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Philip Dru: Administrator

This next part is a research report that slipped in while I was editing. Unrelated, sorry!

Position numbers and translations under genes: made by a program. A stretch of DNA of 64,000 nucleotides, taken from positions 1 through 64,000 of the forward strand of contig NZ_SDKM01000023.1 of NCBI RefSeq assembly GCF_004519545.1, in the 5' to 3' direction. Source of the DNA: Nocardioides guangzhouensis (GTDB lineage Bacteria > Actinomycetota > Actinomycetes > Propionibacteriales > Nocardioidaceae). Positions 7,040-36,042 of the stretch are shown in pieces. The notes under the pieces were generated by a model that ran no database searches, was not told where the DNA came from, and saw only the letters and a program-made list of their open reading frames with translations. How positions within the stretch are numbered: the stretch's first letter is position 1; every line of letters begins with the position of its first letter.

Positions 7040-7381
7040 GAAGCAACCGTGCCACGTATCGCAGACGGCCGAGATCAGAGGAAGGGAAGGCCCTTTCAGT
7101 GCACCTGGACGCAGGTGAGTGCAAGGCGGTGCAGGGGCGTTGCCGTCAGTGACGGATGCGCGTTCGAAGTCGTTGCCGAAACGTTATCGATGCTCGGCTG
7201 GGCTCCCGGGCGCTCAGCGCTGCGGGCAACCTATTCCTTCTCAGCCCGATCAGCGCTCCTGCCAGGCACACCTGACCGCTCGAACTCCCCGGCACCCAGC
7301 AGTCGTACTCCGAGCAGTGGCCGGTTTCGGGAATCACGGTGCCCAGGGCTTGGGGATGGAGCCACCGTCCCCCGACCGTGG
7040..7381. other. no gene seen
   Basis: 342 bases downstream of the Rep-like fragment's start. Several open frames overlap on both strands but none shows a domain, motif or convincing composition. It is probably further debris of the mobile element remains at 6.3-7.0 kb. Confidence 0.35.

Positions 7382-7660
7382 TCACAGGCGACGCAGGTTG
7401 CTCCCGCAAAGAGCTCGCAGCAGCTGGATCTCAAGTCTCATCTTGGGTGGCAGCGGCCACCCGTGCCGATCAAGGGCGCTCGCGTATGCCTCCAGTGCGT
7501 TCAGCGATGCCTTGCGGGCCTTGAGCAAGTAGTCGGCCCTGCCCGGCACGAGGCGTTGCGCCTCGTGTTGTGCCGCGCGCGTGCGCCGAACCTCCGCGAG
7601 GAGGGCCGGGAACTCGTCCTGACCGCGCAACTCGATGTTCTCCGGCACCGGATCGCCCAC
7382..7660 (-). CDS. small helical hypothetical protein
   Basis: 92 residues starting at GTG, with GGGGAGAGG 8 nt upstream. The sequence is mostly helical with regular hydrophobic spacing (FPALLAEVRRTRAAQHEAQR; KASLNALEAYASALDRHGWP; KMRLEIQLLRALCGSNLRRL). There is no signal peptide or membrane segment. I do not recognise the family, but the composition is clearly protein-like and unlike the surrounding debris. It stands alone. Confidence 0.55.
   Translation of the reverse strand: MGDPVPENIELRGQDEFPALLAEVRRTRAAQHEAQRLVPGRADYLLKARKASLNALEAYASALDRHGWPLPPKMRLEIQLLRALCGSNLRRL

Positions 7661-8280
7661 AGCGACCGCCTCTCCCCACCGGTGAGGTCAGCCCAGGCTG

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<SPAN name="XL"></SPAN> <h1 align="center" style="margin-top: 2em;font-variant: small-caps">Chapter XL</h1> <h2 align="center" style="margin-top: 2em;font-variant: small-caps">A Departure in Battleships</h2> <p>Dru invited the Strawns to accompany him to Newport News to witness the launching of a new type of battleship. It was said to be, and probably was, impenetrable. Experts who had tested a model built on a large scale had declared that this invention would render obsolete every battleship in existence. The principle was this: Running back from the bow for a distance of 60 feet only about 4 feet of the hull showed above the water line, and this part of the deck was concaved and of the smoothest, hardest steel. Then came several turreted sections upon which guns were mounted. Around these turrets ran rims of polished steel, two feet in width and six inches thick. These rims began four feet from the water line and ran four feet above the level of the turret decks. The rims were so nicely adjusted with ball bearings that the smallest blow would send them spinning around, therefore a shell could not penetrate because it would glance off.</p> <p>Although the trip to the Newport News Dock yards was made in a Navy hydroaeroplane it took several hours, and Gloria used the occasion to urge upon Dru the rectification of some abuses of which she had special knowledge.</p> <p>&#8220;Philip,&#8221; she said, &#8220;when I was proselytizing among the rich, it came to me to include the employer of women labor. I found but few who dissented from my statement of facts, but the answer was that trade conditions, the demand of customers for cheaper garments and articles, made relief impracticable. Perhaps their profits are on a narrow basis, Philip; but the volume of their business is the touchstone of their success, for how otherwise could so many become millionaires? Just what the remedy is I do not know, but I want to give you the facts so that in recasting the laws you may plan something to alleviate a grievous wrong.&#8221;</p> <p>&#8220;It is strange, Gloria, how often your mind and mine are caught by the same current, and how they drift in the same direction. It was only a few days ago that I picked up one of O. Henry&#8217;s books. In his &#8216;Unfinished Story&#8217; he tells of a man who dreamed that he died and was standing with a crowd of prosperous looking angels before Saint Peter, when a policeman came up and taking him by the wing asked: &#8217;Are you with that bunch?&#8217;</p> <p>&#8220;&#8216;Who are they?&#8217; asked the man.</p> <p>&#8220;&#8216;Why,&#8217; said the policeman, &#8217;they are the men who hired working girls and paid &#8217;em five or six dollars a week to live on. Are you one of the bunch?&#8217;</p> <p>&#8220;&#8216;Not on your immortality,&#8217; answered the man. &#8217;I&#8217;m only the fellow who set fire to an orphan asylum, and murdered a blind man for his pennies.&#8217;</p> <p>&#8220;Some years ago when I first read that story, I thought it was humor, now I know it to be pathos. Nothing, Gloria, will give me greater pleasure than to try to think out a solution to this problem, and undertake its application.&#8221;</p> <p>Gloria then gave more fully the conditions governing female labor. The unsanitary surroundings, the long hours and the inadequate wage, the statistics of refuge societies showed, drove an appalling number of women and girls to the streets.--No matter how hard they worked they could not earn sufficient to clothe and feed themselves properly. After a deadly day&#8217;s work, many of them found stimulants of various kinds the cheapest means of bringing comfort to their weary bodies and hope-lost souls, and then the next step was the beginning of the end.</p> <p>By now they had come to Newport News and the launching of the battleship was made as Gloria christened her <i>Columbia.</i> After the ceremonies were over it became necessary at once to return to Washington, for at noon of the next day there was to be dedicated the Colossal Arch of Peace. Ten years before, the Government had undertaken this work and had slowly executed it, carrying out the joint conception of the foremost architect in America and the greatest sculptor in the world. Strangely enough, the architect was a son of New England, and the Sculptor was from and of the South.</p> <p>Upon one face of the arch were three heroic figures. Lee on the one side, Grant on the other, with Fame in the center, holding out a laurel wreath with either hand to both Grant and Lee. Among the figures clustered around and below that of Grant, were those of Sherman, Sheridan, Thomas and Hancock, and among those around and below that of Lee, were Stonewall Jackson, the two Johnstons, Forrest, Pickett and Beauregard. Upon the other face of the arch there was in the center a heroic figure of Lincoln and gathered around him on either side were those Statesmen of the North and South who took part in that titanic civil conflict that came so near to dividing our Republic.</p> <p>Below Lincoln&#8217;s figure was written: &#8220;With malice towards none, with charity for all.&#8221; Below Grant, was his dying injunction to his fellow countrymen: &#8220;Let us have peace.&#8221; But the silent and courtly Lee left no message that would fit his gigantic mold.</p>
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